A long-term commitment
It may be days, weeks, months or even years before you get the call to become a donor—which is why it’s important to be prepared to commit for the long term.
“I joined OneMatch in 1999 when I was 21 years old. I have been called twice to help save a life; the second time was 13 years after I joined. You never know when you will be needed. Despite being a small business owner leading hectic life, I did not hesitate to help. If it was someone in my family, I would only hope someone would be there for them.”
Mohamed, New Market, Ontario, Stem Cell Donor
Bone Marrow Transplant – Surgery Procedures – Risks – NY Times Health Information, bone
- Alternative Names
A bone marrow transplant is a procedure to replace damaged or destroyed bone marrow with healthy bone marrow stem cells.
Bone marrow is the soft, fatty tissue inside your bones. Stem cells are immature cells in the bone marrow that give rise to all of your blood cells.
Back to TopAlternative Names
Transplant – bone marrow; Stem cell transplant; Hematopoietic stem cell transplant; Reduced intensity, nonmyeloablative transplant; Mini transplant; Allogenic bone marrow transplant; Autologous bone marrow transplant; Umbilical cord blood transplant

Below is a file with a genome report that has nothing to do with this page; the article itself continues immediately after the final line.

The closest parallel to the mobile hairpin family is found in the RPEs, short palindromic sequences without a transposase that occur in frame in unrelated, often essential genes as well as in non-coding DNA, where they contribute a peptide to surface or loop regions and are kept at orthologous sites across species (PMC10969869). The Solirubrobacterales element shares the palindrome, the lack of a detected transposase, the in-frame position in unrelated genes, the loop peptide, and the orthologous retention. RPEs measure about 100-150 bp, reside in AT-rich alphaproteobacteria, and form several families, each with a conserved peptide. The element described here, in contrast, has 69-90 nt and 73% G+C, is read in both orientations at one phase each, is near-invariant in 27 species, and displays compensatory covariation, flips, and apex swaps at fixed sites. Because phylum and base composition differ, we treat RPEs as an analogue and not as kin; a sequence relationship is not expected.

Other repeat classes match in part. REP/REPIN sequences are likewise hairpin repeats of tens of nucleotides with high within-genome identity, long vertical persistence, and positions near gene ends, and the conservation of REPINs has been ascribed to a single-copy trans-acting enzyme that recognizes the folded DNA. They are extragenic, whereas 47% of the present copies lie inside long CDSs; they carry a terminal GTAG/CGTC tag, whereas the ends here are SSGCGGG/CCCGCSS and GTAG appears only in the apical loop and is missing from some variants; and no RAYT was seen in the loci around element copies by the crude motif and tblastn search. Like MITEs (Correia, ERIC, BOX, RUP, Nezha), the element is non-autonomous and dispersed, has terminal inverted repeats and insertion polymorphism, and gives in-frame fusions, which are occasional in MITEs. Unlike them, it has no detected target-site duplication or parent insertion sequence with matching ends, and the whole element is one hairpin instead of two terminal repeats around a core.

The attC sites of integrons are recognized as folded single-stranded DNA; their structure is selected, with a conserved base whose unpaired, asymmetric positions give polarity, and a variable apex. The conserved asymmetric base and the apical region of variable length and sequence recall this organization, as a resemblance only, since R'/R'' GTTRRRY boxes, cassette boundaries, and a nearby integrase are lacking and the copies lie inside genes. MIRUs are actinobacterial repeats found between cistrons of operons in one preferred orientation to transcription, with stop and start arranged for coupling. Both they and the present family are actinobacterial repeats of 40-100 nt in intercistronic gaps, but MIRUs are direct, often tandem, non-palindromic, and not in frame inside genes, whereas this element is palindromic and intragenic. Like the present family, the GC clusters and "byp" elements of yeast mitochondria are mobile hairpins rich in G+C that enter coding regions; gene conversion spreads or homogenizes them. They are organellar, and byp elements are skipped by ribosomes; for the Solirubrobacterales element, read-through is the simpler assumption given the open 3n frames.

Back to TopDescription
There are three kinds of bone marrow transplants:
- Autologous bone marrow transplant: The term auto means self. Stem cells are removed from you before you receive high-dose chemotherapy or radiation treatment. The stem cells are stored in a freezer (cryopreservation). After high-dose chemotherapy or radiation treatments, your stems cells are put back in your body to make (regenerate) normal blood cells. This is called a rescue transplant.
- Allogeneic bone marrow transplant: The term allo means other. Stem cells are removed from another person, called a donor. Most times, the donor’s genes must at least partly match your genes. Special blood tests are done to see if a donor is a good match for you. A brother or sister is most likely to be a good match. Sometimes parents, children, and other relatives are good matches. Donors who are not related to you may be found through national bone marrow registries.
- Umbilical cord blood transplant: This is a type of allogeneic transplant. Stem cells are removed from a newborn baby’s umbilical cord right after birth. The stem cells are frozen and stored until they are needed for a transplant. Umbilical cord blood cells are very immature so there is less of a need for matching. But blood counts take longer to recover.
Before the transplant, chemotherapy, radiation, or both may be given. This may be done in two ways:
- Ablative (myeloablative) treatment: High-dose chemotherapy, radiation, or both are given to kill any cancer cells. This also kills all healthy bone marrow that remains, and allows new stem cells to grow in the bone marrow.
- Reduced intensity treatment, also called a mini transplant: Patients receive lower doses of chemotherapy and radiation before a transplant. This allows older patients, and those with other health problems to have a transplant.